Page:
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Dollar's status as reserve currency to endure - Wells Fargo

Published 05/07/2024, 10:30 AM
Updated 05/07/2024, 10:33 AM
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Investing.com - The move by U.S. authorities to confiscate Russian assets could add to recent efforts to diversify from the dollar, but the greenback is still likely to remain the global reserve currency for the foreseeable future, according to Wells Fargo.

Is the dollar’s role as reserve currency in question?

The United States and its allies prohibited transactions with Russia's central bank and finance ministry and blocked about $300 billion of sovereign Russian assets in the West, following Russia’s invasion of Ukraine.

Ramping up the potential punishment, the U.S. House of Representatives passed a bill late last month allowing the Biden administration to confiscate these Russian assets held in American banks and transfer them to Ukraine.

Such an action would likely result in retaliation, with Dmitry Medvedev, a close ally of President Vladimir Putin and the deputy chairman of Russia's Security Council, stating that Russia may respond to any U.S. confiscation of its currency reserves by seizing the assets, including property and cash, of U.S. citizens.

That would have a very limited impact on the dollar in its role as a reverse currency, but would likely attract the attention of China given the Asian giant’s material exposure to the U.S. dollar.

Concerns about the U.S. fiscal outlook and the persistent use of economic sanctions by Washington have already brought the dollar’s role as a global reserve currency into question in some capital cities. Adding in the risk of having assets confiscated could reinforce the thinking.

“U.S.-China geopolitical tensions, theoretically, should prompt China to make a concerted effort to move away from dollar and other advanced economy assets,” analysts at Wells Fargo said, in a note dated May 3.

Moves to limit dollar’s importance

There have already been some moves over the years to try and downplay the dollar’s significance.

These included developments such as Brazil and China announcing clearing arrangements in each other's currencies, energy exporting Middle East nations willing to accept renminbi as payment, as well as a possible BRICS nation common currency.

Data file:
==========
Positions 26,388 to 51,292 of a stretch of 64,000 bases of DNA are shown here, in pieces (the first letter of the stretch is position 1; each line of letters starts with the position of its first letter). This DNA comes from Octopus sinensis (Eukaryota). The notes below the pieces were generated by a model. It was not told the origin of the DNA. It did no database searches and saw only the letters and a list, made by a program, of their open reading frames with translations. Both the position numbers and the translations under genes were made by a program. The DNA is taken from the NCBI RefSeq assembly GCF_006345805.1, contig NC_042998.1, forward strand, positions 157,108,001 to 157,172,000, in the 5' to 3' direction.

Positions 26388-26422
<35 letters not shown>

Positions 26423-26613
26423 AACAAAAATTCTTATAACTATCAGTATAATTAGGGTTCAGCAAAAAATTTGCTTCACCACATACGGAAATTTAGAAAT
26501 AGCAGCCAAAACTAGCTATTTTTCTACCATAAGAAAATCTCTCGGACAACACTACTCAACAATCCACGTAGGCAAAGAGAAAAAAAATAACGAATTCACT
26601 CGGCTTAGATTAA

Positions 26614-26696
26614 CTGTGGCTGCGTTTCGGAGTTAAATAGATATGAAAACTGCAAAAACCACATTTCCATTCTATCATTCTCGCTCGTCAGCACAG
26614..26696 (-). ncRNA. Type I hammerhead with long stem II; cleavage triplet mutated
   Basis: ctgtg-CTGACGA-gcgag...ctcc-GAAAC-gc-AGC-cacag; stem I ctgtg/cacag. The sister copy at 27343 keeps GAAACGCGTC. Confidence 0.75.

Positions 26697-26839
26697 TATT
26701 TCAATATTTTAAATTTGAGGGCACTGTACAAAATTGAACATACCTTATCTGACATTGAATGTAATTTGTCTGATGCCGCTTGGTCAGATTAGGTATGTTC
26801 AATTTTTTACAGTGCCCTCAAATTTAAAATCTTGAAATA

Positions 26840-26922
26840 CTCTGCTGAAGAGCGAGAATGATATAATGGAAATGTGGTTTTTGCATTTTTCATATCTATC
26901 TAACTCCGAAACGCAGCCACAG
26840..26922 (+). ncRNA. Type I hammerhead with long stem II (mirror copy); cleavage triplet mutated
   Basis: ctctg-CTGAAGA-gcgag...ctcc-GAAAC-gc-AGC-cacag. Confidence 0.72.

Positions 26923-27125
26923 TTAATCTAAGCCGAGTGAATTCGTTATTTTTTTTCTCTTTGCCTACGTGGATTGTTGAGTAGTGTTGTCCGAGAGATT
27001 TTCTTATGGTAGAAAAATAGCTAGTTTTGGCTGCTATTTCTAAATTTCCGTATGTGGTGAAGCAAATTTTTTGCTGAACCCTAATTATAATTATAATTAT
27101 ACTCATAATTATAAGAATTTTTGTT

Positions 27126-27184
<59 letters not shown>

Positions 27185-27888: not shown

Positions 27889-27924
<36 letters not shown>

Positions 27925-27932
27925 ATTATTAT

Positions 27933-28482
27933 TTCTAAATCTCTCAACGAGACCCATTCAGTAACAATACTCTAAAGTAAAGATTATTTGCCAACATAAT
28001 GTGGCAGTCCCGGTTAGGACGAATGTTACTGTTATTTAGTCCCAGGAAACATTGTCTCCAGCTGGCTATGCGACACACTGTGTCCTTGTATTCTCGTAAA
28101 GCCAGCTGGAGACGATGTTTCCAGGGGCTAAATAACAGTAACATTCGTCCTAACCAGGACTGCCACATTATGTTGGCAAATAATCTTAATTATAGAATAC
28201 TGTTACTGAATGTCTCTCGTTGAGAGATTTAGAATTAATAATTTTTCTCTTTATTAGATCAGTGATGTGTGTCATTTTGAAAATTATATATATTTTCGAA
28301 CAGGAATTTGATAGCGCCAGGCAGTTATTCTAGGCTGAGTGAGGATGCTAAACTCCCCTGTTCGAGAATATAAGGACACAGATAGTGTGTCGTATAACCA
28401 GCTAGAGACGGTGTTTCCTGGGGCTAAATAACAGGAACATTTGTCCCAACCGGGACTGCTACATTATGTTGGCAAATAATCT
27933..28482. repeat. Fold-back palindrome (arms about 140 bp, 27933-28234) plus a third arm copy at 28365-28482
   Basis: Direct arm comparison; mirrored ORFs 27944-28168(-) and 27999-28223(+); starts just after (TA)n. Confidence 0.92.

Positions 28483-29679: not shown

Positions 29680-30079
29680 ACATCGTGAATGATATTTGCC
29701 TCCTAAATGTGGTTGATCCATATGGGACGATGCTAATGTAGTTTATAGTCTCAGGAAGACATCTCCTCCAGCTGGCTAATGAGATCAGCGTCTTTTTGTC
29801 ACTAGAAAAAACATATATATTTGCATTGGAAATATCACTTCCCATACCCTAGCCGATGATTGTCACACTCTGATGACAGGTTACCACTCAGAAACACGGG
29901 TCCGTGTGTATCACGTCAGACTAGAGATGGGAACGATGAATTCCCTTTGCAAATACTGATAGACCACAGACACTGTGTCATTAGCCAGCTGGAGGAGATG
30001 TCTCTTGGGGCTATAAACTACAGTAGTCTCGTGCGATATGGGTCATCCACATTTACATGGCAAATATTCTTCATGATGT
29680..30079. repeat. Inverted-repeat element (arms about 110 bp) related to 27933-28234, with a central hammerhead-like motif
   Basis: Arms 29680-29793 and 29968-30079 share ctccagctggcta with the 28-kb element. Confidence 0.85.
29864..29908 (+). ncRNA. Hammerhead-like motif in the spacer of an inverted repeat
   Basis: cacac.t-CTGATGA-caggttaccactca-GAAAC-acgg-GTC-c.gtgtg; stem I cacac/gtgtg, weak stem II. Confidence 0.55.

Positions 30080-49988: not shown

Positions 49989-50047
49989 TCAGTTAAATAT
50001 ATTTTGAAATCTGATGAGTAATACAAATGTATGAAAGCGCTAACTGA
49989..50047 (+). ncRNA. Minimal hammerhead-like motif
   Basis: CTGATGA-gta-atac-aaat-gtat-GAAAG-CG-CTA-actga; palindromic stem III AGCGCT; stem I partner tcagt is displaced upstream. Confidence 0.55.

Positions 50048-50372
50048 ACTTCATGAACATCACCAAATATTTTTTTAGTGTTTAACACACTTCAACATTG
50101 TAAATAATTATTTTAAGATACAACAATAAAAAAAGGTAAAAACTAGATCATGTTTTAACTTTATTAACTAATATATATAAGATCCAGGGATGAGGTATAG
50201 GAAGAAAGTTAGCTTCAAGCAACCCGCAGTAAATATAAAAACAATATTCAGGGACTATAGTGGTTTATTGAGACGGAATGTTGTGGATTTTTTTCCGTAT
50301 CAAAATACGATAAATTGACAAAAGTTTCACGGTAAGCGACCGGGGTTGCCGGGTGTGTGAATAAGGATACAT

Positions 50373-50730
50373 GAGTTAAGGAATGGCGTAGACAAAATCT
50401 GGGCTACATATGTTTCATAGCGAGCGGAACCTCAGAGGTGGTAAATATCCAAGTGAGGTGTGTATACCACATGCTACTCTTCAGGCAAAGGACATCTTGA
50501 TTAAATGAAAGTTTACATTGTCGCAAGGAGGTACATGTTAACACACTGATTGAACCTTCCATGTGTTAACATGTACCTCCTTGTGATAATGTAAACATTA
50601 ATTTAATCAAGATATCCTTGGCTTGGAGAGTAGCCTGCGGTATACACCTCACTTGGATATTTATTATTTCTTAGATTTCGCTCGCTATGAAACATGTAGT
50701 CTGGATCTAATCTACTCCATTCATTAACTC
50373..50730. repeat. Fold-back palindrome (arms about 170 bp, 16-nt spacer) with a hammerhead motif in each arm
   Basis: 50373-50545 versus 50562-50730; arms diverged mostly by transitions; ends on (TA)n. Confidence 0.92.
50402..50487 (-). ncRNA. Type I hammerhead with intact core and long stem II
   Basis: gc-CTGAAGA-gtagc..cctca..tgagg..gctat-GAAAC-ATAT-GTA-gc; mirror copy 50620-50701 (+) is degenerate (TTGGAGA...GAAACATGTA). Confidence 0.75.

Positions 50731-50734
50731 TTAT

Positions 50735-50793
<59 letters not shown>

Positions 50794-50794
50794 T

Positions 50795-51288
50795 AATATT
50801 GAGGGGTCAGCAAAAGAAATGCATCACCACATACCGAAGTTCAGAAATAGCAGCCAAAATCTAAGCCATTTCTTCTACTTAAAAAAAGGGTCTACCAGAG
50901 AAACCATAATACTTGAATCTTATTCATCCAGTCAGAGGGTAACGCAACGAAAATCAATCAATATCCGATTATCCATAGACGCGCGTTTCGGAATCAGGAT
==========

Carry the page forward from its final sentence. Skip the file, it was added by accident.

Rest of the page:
However, Wells Fargo has downplayed the significance of these moves.

The China-Brazil trade relationship is worth only around 0.40% of total global trade, the U.S. bank noted, far from material enough to result in noticeable de-dollarization. 

“We also had doubts that Middle East energy exporters, most of whom operate under a fixed exchange rate regime to the U.S. dollar, would be willing to potentially put currency pegs at risk by generating less dollar revenues,” analysts at Wells Fargo said, “and a BRICS common currency, in our view, is unlikely to gather momentum.”

Dollar reserve currency status to endure 

To be considered a “reserve currency,” certain characteristics must be demonstrated, Wells Fargo said, including being freely convertible, widely accepted and used in trade and global transactions, backed by large and liquid debt markets easily accessible to foreign investors and not subject to political influence,i.e. associated with an independent central bank.

The U.S. dollar checks all of these boxes, and while other currencies are also associated with these characteristics, Wells Fargo thinks issues exist that will prevent the dollar from losing its status.

The euro and British pound are freely convertible, not pegged, nor subject to capital controls, but the government debt markets are not as deep as the U.S. and the risks of fragmentation in the eurozone could provide FX reserve managers with pause for thought.

The Japanese government bond market has been, and continues to be, significantly distorted by the Bank of Japan, and Chinese government bonds, capital controls and convertibility concerns as well as the managed exchange rate regime of the renminbi should provide disincentive for reserve managers to allocate currency holdings toward Chinese assets. 

“Taking these factors into account, we see limited alternatives for FX reserve managers to U.S. government bonds and, accordingly, view the U.S. dollar's status as the global reserve currency as secure for the foreseeable future,” Wells Fargo added.

Morgan Stanley agreed, saying dollar influence in the global economy across a range of economic and financial metrics remains strong and thus seeking a replacement is a difficult task.

"The most discussed competitor is China, and we do expect a modestly more global role for CNY,” analysts at Morgan Stanley said, in a note last month.

"But we think that China’s ‘3D challenge’ of debt, deflation and demographics will limit CNY's international appeal," MS added, estimating that currency reserves in yuan should rise to only 5% in 2030 from 2.3% now.

"We expect only a moderate and gradual decline in USD’s international use, given the rise in multipolarity and continued low diversification costs for reserve managers." 




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